Huawei fights back over 5G 'ban' in Portugal

Huawei has filed an administrative appeal in Lisbon, even though Portugal continues to insist it is not targeting specific companies over access to 5G networks.

Anne Morris, Contributing Editor, Light Reading

September 5, 2023

4 Min Read
Huawei fights back over 5G 'ban' in Portugal

It's not getting any easier for Huawei in Europe, where the China-based vendor has faced growing opposition to its participation in 5G networks in recent months.

Indeed, the European Union and Germany have been putting increasing pressure on operators to eschew Huawei's 5G equipment. In a recent move, Germany's interior minister, Nancy Faeser, made it pretty clear that the German government no longer wanted national telcos to rely on Chinese 5G equipment, and indicated that it would not be deterred by the cost of removing components deemed to be a security risk.

Earlier this year, Portugal also looked set to halt the practice of buying 5G equipment from Chinese vendors. Portugal's cybersecurity council CSSC reportedly issued a resolution that could formally bar operators from using Chinese equipment in their 5G networks or 4G platforms on which the new technology is based.

Figure 1:

Huawei is taking legal action in Portugal over 5G restrictions. (Source: Karlis Dambrans on Flickr, CC 2.0)

Huawei is taking legal action in Portugal over 5G restrictions.
(Source: Karlis Dambrans on Flickr, CC 2.0)

Although no specific vendor names or countries were mentioned, media reports suggested that the resolution was put forward with Huawei in mind. The move was therefore seen as another blow to efforts by Huawei to enter the 5G market in Portugal and possibly extend existing contracts. Neither China nor Huawei were happy about this development, with reports suggesting they did not intend to take this latest national ban lying down.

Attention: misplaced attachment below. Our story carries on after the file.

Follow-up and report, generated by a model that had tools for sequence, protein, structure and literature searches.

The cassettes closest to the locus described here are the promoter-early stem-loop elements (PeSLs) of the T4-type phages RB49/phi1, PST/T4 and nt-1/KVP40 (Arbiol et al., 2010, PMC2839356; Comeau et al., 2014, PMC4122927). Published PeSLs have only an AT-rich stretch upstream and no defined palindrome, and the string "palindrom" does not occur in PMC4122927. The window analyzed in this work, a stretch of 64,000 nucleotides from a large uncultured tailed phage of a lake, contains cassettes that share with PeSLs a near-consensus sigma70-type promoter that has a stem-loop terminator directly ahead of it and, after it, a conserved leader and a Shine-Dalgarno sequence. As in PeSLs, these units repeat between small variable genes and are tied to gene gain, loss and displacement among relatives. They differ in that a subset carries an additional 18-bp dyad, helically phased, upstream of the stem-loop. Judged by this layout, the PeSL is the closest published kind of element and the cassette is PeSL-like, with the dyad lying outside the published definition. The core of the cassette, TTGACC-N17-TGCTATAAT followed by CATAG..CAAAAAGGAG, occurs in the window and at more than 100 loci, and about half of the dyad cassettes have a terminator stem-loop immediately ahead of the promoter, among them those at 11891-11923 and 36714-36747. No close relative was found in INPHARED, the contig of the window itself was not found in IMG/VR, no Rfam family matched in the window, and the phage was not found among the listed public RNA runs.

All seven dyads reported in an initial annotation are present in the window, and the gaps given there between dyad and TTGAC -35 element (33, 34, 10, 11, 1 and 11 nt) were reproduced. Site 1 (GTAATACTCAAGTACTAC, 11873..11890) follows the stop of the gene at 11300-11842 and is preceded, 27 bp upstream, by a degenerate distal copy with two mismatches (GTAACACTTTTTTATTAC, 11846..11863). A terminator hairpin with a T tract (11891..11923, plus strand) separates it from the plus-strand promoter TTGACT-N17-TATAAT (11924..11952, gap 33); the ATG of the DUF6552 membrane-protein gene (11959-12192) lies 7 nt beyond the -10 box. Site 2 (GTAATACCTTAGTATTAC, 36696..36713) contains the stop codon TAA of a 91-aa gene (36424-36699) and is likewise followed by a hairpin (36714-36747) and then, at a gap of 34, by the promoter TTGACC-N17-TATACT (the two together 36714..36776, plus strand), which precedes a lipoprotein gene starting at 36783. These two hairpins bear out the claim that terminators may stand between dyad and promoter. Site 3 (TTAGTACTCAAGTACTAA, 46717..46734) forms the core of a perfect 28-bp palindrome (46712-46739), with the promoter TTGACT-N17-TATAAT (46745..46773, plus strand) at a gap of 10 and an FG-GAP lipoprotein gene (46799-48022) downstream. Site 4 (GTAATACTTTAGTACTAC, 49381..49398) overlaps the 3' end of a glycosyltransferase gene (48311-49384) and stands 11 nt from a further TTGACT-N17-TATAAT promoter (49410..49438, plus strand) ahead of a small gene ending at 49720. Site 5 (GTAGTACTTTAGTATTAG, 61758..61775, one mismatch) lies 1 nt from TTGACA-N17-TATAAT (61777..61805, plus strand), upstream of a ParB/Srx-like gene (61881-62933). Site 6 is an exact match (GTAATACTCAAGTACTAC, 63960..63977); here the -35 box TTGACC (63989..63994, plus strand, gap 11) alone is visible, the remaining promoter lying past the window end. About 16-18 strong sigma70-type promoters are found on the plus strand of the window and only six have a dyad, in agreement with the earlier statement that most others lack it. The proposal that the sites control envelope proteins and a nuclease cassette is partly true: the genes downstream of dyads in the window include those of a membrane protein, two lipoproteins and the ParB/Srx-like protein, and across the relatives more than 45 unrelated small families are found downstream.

Huawei has now made good on its threat to take action.

See you in court

In emailed comments to Light Reading, a spokesperson for Huawei Portugal confirmed that the vendor has filed an administrative appeal before the Administrative Court of the Lisbon Circuit against what it called the "deliberation 1/2023" and related documents relating to 5G equipment issued by the Security Assessment Commission of Portugal.

Huawei said it hopes the court will "remedy the multiple violations" of its rights, and the "significant detrimental impact on the company and its partners" from the resolution.

"Huawei Portugal has been a significant contributor in Portugal for almost 20 years and remains committed to working with our partners" in the market, the vendor added.

The secretary of state for digitalization, Mario Campolargo, who chairs the CSSC, told Reuters that the deliberation in May was based on an independent, strict security assessment following EU guidelines, and did not specifically target Chinese suppliers.

In July, Campolargo also told the news agency that Portugal would not compensate operators for any equipment they may have to swap as a result of the decision barring suppliers representing high-security risk from their 5G mobile networks.

The country's main operators MEO (owned by Altice), NOS and Vodafone Portugal have nevertheless already said they will not use Huawei's equipment in 5G core networks. Strand Consult, a Danish company that carries out telecom analysis and market research, estimates that 34% of their 5G RAN networks have elements of Chinese technology.

Strand Consult has been examining the involvement of Chinese vendors in Europe's 4G and 5G markets for several years. It found that Chinese vendors were still supplying more than half of 5G equipment in eight out of 31 countries at the end of 2022.

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— Anne Morris, contributing editor, special to Light Reading

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About the Author(s)

Anne Morris

Contributing Editor, Light Reading

Anne Morris is a freelance journalist, editor and translator. She has been working in the telecommunications sector since 1996, when she joined the London-based team of Communications Week International as copy editor. Over the years she held the editor position at Total Telecom Online and Total Tele-com Magazine, eventually leaving to go freelance in 2010. Now living in France, she writes for a number of titles and also provides research work for analyst companies.

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